Huddle Up Group's survey, “Return to Play,” put five questions—all related to COVID-19—toward parents with children who play competitive sports. Huddle Up received nearly 2,700 responses, with almost 78% saying they’d allow kids to play in travel sports in September and beyond.
The survey, “Return to Play,” put five questions—all related to COVID-19—toward parents with children who play competitive sports. Huddle Up received nearly 2,700 responses, with almost 78% saying they’d allow kids to play in travel sports in September and beyond.
“Labor Day looks to be the most likely turning point,” says Jon Schmieder, Founder and CEO of Huddle Up Group, a sports tourism consultancy to more than 60 destinations.
One key finding from the study is that two months into the pandemic, and with most states opening up in some capacity, the fear of traveling is eroding. Even now, 82% of parents say they would allow children to play within a tournament within three hours of their home. The respondents demonstrated some reluctance to flying, but there was a strong surge—from 4.8% today to 22.2%—to OK air travel by September.
Regaining the public’s trust will be paramount for all in-person events going forward, whether it is sporting events or meetings/conferences. NASCAR resumed its season this past weekend, May 15-17, without fans, and other major league sports groups are inching toward a return to play with limited or no attendance.
Many parents would not allow children to fly solo to tournaments regardless of a pandemic. That is forcing facilities and organizations focused on youth sports to find solutions for safe play and safe stay—and convince the adults that the benefits of the games outweigh any risks.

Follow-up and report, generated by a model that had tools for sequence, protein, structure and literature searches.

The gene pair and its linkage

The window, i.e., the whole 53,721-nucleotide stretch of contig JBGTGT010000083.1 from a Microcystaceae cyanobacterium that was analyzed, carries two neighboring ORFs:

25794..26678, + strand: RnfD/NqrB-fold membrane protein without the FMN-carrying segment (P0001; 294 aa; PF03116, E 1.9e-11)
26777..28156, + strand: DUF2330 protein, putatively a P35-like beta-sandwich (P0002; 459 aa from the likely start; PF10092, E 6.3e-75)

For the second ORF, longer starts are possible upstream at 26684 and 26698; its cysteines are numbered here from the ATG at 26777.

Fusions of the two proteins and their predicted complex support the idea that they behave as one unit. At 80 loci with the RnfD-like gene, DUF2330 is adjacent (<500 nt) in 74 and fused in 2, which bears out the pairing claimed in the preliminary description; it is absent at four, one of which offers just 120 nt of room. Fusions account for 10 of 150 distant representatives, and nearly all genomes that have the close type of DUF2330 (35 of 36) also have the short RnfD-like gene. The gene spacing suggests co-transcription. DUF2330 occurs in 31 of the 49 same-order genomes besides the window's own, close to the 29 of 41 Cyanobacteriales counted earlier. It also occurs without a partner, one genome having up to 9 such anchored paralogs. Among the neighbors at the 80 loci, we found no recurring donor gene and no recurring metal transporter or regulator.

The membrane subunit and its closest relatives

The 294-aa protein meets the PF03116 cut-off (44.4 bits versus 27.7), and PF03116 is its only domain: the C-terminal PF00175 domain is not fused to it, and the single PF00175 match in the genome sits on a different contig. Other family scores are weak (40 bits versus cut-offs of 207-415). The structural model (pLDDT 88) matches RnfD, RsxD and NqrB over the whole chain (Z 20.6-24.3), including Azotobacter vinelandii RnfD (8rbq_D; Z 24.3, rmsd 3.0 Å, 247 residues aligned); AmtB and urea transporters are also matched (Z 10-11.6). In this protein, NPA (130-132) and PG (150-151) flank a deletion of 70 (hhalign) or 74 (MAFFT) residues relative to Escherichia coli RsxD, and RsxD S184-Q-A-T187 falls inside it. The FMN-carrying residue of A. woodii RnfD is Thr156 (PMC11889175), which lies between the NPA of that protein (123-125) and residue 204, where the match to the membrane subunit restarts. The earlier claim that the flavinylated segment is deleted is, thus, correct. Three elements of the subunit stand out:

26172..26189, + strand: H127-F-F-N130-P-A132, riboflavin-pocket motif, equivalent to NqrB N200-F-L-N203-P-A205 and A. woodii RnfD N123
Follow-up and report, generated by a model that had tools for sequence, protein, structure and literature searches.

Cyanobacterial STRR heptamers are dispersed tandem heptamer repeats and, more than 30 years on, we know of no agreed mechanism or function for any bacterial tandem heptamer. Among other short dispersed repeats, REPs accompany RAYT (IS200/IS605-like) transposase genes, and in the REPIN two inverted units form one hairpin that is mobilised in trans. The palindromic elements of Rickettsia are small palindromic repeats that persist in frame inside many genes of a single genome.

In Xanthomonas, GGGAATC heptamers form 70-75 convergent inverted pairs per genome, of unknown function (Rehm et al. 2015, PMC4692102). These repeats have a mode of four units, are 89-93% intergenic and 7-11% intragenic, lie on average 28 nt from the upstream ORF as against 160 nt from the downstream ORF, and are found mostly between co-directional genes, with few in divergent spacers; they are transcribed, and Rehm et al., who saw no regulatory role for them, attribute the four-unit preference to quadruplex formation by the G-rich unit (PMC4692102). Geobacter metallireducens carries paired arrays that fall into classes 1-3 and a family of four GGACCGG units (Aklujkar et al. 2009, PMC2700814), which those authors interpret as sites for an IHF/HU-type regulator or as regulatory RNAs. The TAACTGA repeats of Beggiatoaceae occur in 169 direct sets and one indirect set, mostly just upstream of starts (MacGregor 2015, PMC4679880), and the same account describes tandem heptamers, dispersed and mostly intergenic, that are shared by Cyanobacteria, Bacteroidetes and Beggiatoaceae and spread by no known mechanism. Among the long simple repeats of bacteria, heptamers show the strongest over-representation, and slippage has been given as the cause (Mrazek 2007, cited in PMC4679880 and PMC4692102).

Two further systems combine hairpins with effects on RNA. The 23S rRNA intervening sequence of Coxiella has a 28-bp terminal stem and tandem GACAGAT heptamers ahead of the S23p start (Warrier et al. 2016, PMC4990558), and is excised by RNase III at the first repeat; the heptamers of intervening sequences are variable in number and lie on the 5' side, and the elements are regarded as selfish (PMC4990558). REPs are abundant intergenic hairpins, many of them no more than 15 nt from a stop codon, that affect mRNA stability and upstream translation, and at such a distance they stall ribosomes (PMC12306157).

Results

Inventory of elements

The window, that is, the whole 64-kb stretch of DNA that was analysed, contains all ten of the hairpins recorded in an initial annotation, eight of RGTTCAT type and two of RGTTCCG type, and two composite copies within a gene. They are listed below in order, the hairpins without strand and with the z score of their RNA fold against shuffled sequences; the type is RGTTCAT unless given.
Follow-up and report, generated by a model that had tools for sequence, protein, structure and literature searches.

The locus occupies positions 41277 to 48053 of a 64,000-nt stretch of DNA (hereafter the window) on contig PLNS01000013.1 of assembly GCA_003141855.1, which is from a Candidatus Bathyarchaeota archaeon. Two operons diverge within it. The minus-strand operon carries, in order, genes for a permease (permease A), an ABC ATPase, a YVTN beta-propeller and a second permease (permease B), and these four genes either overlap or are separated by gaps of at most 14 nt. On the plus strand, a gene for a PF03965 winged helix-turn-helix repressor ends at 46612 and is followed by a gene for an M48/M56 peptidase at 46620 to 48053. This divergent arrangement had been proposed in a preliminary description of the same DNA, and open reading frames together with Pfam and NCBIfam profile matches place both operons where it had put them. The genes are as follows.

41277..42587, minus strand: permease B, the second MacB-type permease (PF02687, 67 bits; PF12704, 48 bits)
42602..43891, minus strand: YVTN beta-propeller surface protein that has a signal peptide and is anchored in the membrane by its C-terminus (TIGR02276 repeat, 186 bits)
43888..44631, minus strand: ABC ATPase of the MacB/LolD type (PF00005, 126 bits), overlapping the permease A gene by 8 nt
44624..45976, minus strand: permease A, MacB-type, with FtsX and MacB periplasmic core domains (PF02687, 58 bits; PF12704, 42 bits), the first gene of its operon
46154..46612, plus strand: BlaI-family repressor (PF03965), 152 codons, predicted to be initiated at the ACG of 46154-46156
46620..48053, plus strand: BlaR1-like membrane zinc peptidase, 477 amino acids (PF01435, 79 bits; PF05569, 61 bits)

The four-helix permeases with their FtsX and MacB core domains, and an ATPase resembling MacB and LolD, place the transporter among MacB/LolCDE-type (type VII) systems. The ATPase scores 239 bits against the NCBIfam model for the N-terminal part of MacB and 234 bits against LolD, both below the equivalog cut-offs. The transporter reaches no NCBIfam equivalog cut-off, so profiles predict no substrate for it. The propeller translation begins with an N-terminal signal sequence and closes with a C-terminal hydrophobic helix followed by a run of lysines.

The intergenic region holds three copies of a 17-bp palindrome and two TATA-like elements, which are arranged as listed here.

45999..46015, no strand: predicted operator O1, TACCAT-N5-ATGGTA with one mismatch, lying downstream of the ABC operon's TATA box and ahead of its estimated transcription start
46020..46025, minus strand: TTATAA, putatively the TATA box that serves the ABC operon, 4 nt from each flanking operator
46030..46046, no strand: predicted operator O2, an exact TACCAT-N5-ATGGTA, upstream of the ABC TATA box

“It is paramount that a parent feels comfortable with the travel decisions that are being made on behalf of a child’s team or sport,” says Dani Timm, CSEE, Virginia Beach Sports Marketing’s national sports sales manager.
The good news is once parents make the initial sign off, the power of youth sports is evident. An average of 2.5 family members would make the trip to any tournament, the study results show. Those families would presumably still stay in hotels and eat (or get takeout) at local restaurants, generating much-needed revenue for communities devasted by the travel standstill.
Nearly half of the respondents added that any economic downturn won’t affect the decision to attend—harkening back to sports tourism’s strength during the Great Recession.
“As we have always said, parents will do everything in their power to make sure their kids have the opportunity to compete. The data here certainly supports that notion,” says Schmieder.